The photographer Marc Vidal’s series Journey to the End of Boredom perfectly captures the banality of the French suburbs where he grew up, built in the 1980s and ’90s like so many others around the world. These suburbs, once thriving with street life, feel abandoned today.
Vidal tells me over email that he didn’t force the emptiness. In fact, most of his street photography is centered on capturing people and the ways they entertain themselves. There’s none of that in Journey to the End of Boredom, though. He developed the series in 2016 and 2018 without following any particular methodology except getting lost in the maze of streets, which are named for famous artists (or Teenage Mutant Turtles) like Raphael Way or Michelangelo Street. An eerie emptiness permeates everything, from the sidewalks to the cookie-cutter homes. It wasn’t always this way, he says.
“I grew up in this kind of area in the ’80s and ’90s,” Vidal writes. “My parents and neighbors were the first to live in these places, and there were a lot of children of my age playing everywhere. There was a feeling of unity and there was a lot of life playing outside.” When he returned, things were very different–aside from a few errant people walking their dogs, the streets were oddly quiet.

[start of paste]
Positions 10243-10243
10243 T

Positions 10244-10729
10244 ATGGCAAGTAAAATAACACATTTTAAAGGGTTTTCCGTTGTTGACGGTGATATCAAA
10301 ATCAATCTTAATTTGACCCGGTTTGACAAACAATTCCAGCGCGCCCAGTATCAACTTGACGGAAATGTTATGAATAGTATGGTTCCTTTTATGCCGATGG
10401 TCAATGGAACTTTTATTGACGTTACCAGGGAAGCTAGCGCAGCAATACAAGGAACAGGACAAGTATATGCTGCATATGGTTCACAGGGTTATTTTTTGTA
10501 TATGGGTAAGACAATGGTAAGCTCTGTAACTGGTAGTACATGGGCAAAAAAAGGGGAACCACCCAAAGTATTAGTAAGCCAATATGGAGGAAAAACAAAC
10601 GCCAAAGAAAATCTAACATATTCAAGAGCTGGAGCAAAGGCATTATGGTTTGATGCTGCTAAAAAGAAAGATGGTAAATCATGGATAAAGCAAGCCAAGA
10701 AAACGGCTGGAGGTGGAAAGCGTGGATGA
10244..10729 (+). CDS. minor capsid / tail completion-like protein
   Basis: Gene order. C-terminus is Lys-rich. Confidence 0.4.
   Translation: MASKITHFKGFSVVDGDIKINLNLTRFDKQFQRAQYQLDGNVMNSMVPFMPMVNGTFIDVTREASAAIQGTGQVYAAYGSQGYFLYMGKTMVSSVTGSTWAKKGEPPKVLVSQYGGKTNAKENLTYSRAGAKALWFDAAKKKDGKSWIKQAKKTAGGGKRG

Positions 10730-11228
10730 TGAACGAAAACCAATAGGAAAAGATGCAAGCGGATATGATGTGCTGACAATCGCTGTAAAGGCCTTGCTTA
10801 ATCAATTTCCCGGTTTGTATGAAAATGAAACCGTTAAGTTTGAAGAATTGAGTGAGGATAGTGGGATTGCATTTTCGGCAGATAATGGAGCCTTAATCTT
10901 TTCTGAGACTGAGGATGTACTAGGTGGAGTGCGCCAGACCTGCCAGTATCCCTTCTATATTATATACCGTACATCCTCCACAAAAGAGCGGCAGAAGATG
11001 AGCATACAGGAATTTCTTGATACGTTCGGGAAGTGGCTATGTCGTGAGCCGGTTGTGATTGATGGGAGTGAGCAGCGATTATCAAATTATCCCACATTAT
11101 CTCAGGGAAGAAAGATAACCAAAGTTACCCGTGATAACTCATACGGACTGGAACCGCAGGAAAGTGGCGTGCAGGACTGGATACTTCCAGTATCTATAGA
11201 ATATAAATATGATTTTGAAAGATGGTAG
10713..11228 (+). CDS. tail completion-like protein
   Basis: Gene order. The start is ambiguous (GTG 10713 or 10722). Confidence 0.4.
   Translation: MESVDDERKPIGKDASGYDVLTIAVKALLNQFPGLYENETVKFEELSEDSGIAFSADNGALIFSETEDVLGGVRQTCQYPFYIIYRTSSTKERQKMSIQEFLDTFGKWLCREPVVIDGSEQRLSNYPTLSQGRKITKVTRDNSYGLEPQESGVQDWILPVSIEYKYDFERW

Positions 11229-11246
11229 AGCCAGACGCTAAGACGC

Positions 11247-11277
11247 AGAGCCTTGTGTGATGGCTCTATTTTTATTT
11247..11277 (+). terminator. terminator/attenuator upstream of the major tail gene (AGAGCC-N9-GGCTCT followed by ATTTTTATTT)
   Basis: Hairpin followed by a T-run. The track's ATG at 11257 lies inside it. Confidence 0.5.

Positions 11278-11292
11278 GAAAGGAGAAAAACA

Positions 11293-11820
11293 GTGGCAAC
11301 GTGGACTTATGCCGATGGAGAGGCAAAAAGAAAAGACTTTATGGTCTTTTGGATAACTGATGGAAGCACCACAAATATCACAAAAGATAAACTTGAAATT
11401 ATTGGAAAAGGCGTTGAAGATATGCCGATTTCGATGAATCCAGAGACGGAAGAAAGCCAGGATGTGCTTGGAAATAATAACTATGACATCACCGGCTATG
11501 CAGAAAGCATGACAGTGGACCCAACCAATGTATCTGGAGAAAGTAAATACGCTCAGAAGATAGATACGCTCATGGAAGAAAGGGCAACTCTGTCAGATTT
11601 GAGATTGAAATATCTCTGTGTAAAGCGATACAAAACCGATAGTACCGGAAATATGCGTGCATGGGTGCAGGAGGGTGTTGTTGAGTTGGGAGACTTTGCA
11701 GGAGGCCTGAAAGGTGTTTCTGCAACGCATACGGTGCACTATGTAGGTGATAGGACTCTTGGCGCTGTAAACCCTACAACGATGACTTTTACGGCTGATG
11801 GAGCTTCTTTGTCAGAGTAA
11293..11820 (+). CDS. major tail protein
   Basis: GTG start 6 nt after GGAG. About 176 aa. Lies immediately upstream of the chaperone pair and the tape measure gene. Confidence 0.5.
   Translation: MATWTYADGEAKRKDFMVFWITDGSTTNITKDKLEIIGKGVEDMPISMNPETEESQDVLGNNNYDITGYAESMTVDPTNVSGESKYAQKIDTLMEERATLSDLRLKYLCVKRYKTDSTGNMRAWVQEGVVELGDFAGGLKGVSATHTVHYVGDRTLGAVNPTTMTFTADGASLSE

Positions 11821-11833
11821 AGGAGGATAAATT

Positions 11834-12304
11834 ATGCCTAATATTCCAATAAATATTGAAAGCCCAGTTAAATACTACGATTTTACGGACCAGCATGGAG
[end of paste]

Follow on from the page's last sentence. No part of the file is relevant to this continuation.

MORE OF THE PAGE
I remember growing up in this type of suburb too, on the outskirts of Madrid. They were bubbling with life when I was young, playing with my friends after dinner on summer nights. My parents would get together with neighbors and spend their time outside with BBQs, card games, or just talking. The extent of our indoor entertainment was the two TV channels, eight-bit consoles with a few games, and weekend movie rentals. Life happened outside. Today, those neighborhoods feel just like those Vidal captured in France.
Vidal believes that the difference is generational. The young bourgeois generation of parents of the ’80s are gone, and so are their kids. I’d argue that people also just don’t spend that much time outside today. I suspect that the way we spend our time and interact with our neighbors and friends has changed. Perhaps people have retreated into their comfy, lazy digital lives, able to constantly chat and stream entertainment with no real need for gardens to tend or streets to play in. Technology, I’m afraid, may have killed the suburb star.